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Figure 1. Cellular senescence orchestrating lung injury. Upon thoracic irradiations (XRT, as shown by the yellow flash), normal lung tissue reacts with complex and multiple interactions between resident cells: bronchial and alveolar epithelial cells, fibroblasts, and endothelial cells. Senescence of the respiratory epithelium is considered here as a central process for the initiation and progression of related lung diseases, particularly the development of pneumonitis and fibrosis (radiation-induced pneumopathy). Persistent or irreparable DNA damage following XRT in lung epithelial cells in turn can induce an irreversible cell cycle arrest that lead to apoptosis or to the establishment of cellular senescence. Mechanistically, senescence is induced and maintained by signaling cascades that activate p53/p21 and/or p16/Rb tumor suppressor pathways that inhibit epithelial cell cycle progression. Accordingly, increased p16 and p21 transcript levels can be observed. Senescent epithelial cells further bear characteristic morphological features: a larger and flat-like cell morphology, an increase in senescence-associated β-galactosidase (SA-β-gal) activity, and, in some cell types, a discernible change in chromatin organization known as senescence-associated heterochromatin foci (SAHF) that are marked by foci of histone H3 lysine 9 trimethylation. In addition, the proinflammatory and pro-oxidative senescence-associated secretory phenotype (SASP) of these cells, could reinforce the senescence arrest, alter the microenvironment and thus impair the function of neighboring cells in a paracrine manner. Radiation-induced epithelial senescence leads to increased SASP factor production. Very close by, the hitherto quiescent healthy endothelium that usually provides an efficient barrier to liquids or cell extravasation becomes activated and/or bears an “angiogenic” phenotype (acute effect) in response to certain SASP factors. Increased endothelial permeability associated with increased leakage of blood stream components into the lung interstitium then fosters inflammation and/or metastasis formation. Normal fibroblasts will also be activated by SASP factors potentially resulting in a phenotypic change into pro-fibrotic myofibroblasts and/or cancer-associated fibroblasts that foster tissue remodeling by extracellular matrix deposition and thus fibrosis progression. The cross-talk between senescent epithelial cells and adjacent endothelial cells and fibroblasts is bi-directional. Radiation-induced senescence of lung endothelial cells and fibroblasts could even contribute to lung injury (not depicted). Clearance of senescent lung epithelial cells or abrogation of certain aspects of their secretome may represent a novel target for the treatment of inflammatory and/or fibrotic lung disorders.
Figure 1. Cellular senescence orchestrating lung injury. Upon thoracic irradiations (XRT, as shown by the yellow flash), normal lung tissue reacts with complex and multiple interactions between resident cells: bronchial and alveolar epithelial cells, fibroblasts, and endothelial cells. Senescence of the respiratory epithelium is considered here as a central process for the initiation and progression of related lung diseases, particularly the development of pneumonitis and fibrosis (radiation-induced pneumopathy). Persistent or irreparable DNA damage following XRT in lung epithelial cells in turn can induce an irreversible cell cycle arrest that lead to apoptosis or to the establishment of cellular senescence. Mechanistically, senescence is induced and maintained by signaling cascades that activate p53/p21 and/or p16/Rb tumor suppressor pathways that inhibit epithelial cell cycle progression. Accordingly, increased p16 and p21 transcript levels can be observed. Senescent epithelial cells further bear characteristic morphological features: a larger and flat-like cell morphology, an increase in senescence-associated β-galactosidase (SA-β-gal) activity, and, in some cell types, a discernible change in chromatin organization known as senescence-associated heterochromatin foci (SAHF) that are marked by foci of histone H3 lysine 9 trimethylation. In addition, the proinflammatory and pro-oxidative senescence-associated secretory phenotype (SASP) of these cells, could reinforce the senescence arrest, alter the microenvironment and thus impair the function of neighboring cells in a paracrine manner. Radiation-induced epithelial senescence leads to increased SASP factor production. Very close by, the hitherto quiescent healthy endothelium that usually provides an efficient barrier to liquids or cell extravasation becomes activated and/or bears an “angiogenic” phenotype (acute effect) in response to certain SASP factors. Increased endothelial permeability associated with increased leakage of blood stream components into the lung interstitium then fosters inflammation and/or metastasis formation. Normal fibroblasts will also be activated by SASP factors potentially resulting in a phenotypic change into pro-fibrotic myofibroblasts and/or cancer-associated fibroblasts that foster tissue remodeling by extracellular matrix deposition and thus fibrosis progression. The cross-talk between senescent epithelial cells and adjacent endothelial cells and fibroblasts is bi-directional. Radiation-induced senescence of lung endothelial cells and fibroblasts could even contribute to lung injury (not depicted). Clearance of senescent lung epithelial cells or abrogation of certain aspects of their secretome may represent a novel target for the treatment of inflammatory and/or fibrotic lung disorders.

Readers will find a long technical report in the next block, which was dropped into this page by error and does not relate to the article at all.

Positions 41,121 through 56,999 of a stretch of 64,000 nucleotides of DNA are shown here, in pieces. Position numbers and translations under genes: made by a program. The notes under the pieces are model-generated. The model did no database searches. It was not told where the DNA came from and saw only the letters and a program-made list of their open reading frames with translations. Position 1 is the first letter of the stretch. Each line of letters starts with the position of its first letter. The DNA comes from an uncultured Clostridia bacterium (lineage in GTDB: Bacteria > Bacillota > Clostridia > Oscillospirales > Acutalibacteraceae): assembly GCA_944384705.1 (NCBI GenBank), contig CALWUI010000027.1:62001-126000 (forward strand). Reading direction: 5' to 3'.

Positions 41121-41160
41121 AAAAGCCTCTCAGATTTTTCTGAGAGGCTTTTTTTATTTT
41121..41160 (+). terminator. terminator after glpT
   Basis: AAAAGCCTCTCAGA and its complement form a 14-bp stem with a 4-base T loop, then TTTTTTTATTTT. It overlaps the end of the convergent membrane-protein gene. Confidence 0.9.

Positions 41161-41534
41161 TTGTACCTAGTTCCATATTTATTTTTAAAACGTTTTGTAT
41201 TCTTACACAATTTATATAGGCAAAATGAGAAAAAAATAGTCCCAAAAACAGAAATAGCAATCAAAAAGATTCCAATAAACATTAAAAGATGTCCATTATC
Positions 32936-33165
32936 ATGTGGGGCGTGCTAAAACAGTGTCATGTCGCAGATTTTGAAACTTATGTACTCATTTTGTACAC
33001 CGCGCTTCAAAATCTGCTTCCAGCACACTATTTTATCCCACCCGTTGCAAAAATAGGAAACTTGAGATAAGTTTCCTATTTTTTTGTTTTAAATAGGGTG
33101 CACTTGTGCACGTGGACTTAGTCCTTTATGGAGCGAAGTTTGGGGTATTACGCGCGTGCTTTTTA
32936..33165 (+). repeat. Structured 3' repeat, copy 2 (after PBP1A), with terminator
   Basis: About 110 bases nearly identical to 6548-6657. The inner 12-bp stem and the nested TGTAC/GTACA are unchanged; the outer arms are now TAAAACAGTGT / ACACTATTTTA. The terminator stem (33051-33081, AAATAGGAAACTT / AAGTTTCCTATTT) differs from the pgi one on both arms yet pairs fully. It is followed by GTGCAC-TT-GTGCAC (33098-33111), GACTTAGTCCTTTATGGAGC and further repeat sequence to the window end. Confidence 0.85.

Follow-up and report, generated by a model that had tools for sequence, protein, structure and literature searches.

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Table 1. Summary of methods for the detection of senescent cells.
Table 1. Summary of methods for the detection of senescent cells.
TargetMarkerMethod of Detection
LysosomesSA-β-galHistochemical detection of β-galactosidase activity at pH 6 [9,20,22,23,24,25,26,27,28,29]
Fluorogenic probes (e.g., C12FDG) [30,31]
Near-infrared molecular probe (in vivo and in vitro) [32]
Two-photon fluorescent probe (in vivo and in vitro) [33]
Lipofuscin Lysosomal aggregates stained with Sudan Black B [34]
Cell cycle inhibitorsp16INK4a, p21Cip/Waf1, p15INK4b, p27Western blot [9,18,19,20,23,24,29,35]
RT-PCR [20,35,36,37]
Immunofluorescence [35,38]
Immunohistochemistry [29,39]
Cell proliferationKi-67 (absence)Western Blot [40]
RT-PCR [40]
Immunofluorescence [38]
BrdU incorporation (absence)Immunofluorescence [18]
Telomere shorteningFISH [41,42]
SASP factorsCytokines (e.g., IL-6, TNFα)
Chemokines (e.g., IL-8, MIPs, CCLs)
Proteases (e.g., MMPs)
Candidates: TGFβ, GM-CSF, PAI-1, IGF-1
Immunofluorescence [19,20]
RT-PCR [9,20,25,26,37,38,43]
Western Blot [9,19,20]
Tumor suppressors pPTEN, p53, hypo-phosphorylated Rb, FOXO4Western blot [9,18,24]
RT-PCR [36]
Immunofluorescence [6]
Chromatin organizationSAHFNFκB p65 subunitImmunofluorescence [9]
Western Blot [9]
RT-PCR [9]
reorganization of DNA structure by DAPI, antibodies against facultative heterochromatinImmunofluorescence [44]
DNA damage markerγH2AXWestern blot [45]
Immunofluorescence [27,28]